Christian References Removed From Christmas Carol in Sweden to Prepare Children for 'Inclusion'

The "Kongl. Teknologkoren" choir performs in Seglora church at the open-air museum Skansen on Saint Lucy's Day in Stockholm, Sweden, December 13, 2016. | (Photo: TT News Agency/Henrik Montgomery/via Reuters)

A school in Sweden says it has stripped a Christmas carol of its reference to Christianity because children need to be prepared for a "changing world" and inclusion.

The carol "Now Light 1,000 Christmas Lights" carries religious references, including "born of the Lord Jesus Christ," and "a ray of God's love's light," but they have now been edited out by the Southern School in Amal municipality in Västra Götaland County, according to Breitbart.

"Our old Swedish Christmas traditions and carols contribute to bringing Christmas spirit. This is a tradition we should uphold," the author of the carol was quoted as saying in a local newspaper. He added that the education administration's idea was to help migrants integrate into the Swedish society. "We shouldn't be afraid of our Swedish traditions. Soon we'll have none left."

Amal's education administration has defended the changes it has made to the carol.

"Protecting Swedish traditions is important, but raising their sights so that they have the courage to meet a changing world is another important task for the school and community to relate to," is said on the municipality's website.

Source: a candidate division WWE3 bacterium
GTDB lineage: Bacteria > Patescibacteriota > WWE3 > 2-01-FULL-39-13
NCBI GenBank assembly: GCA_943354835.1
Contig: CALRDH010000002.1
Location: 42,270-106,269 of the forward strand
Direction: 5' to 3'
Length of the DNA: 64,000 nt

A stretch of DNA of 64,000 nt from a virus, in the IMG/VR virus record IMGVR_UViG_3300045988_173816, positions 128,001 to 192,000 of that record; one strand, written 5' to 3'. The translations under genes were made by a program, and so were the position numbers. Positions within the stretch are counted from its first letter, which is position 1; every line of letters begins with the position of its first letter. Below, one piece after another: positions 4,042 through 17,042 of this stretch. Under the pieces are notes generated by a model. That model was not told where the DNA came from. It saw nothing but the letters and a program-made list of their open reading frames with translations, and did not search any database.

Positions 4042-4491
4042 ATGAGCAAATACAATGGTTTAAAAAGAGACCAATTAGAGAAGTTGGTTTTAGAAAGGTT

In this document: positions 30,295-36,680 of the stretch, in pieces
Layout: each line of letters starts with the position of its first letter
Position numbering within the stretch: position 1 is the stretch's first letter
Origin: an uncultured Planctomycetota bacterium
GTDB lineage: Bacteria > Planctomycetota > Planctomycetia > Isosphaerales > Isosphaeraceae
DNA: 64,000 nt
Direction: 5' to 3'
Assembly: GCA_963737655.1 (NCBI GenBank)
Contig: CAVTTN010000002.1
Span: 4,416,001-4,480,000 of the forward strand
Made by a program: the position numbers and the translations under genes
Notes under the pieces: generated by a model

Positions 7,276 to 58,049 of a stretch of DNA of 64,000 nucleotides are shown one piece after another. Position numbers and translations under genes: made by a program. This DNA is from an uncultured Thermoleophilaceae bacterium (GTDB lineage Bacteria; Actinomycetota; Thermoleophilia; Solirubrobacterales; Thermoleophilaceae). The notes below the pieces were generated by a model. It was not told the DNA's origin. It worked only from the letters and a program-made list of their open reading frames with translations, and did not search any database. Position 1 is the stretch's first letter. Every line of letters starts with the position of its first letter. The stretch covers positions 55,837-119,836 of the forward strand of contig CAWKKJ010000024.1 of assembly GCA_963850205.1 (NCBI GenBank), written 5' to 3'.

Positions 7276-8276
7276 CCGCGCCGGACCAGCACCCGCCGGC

A Swedish prosecutor recently ruled that flying the Islamic State's black flag is perfectly legal and does not constitute a hate crime.

Sweden is sometimes referred to as the "least religious nation in the western world." A 2014 study found that nearly eight out of 10 Swedes are either "not religious" or "convinced atheists," making the country one of the least religious nation in the Western world.

Sweden's Scandinavian neighbors Denmark and Norway have also been experiencing a huge surge in the non-religious population, when it comes to reported numbers.

Statistics from the Church of Denmark earlier this year showed that at least 10,000 people left the church between April and June alone following a nationwide atheist campaign urging people to question the divinity of Jesus.

Norway also saw a similar effect when the official Lutheran Church created a web page allowing an easy way for people to renounce their membership, with as many as 15,053 members leaving in the first four days alone.

Meanwhile, Sweden's national weather forecaster has warned that the country might be hit by a storm over the Christmas weekend. The forecaster has warned the people about the possibility of traffic problems and falling trees during the festive period.

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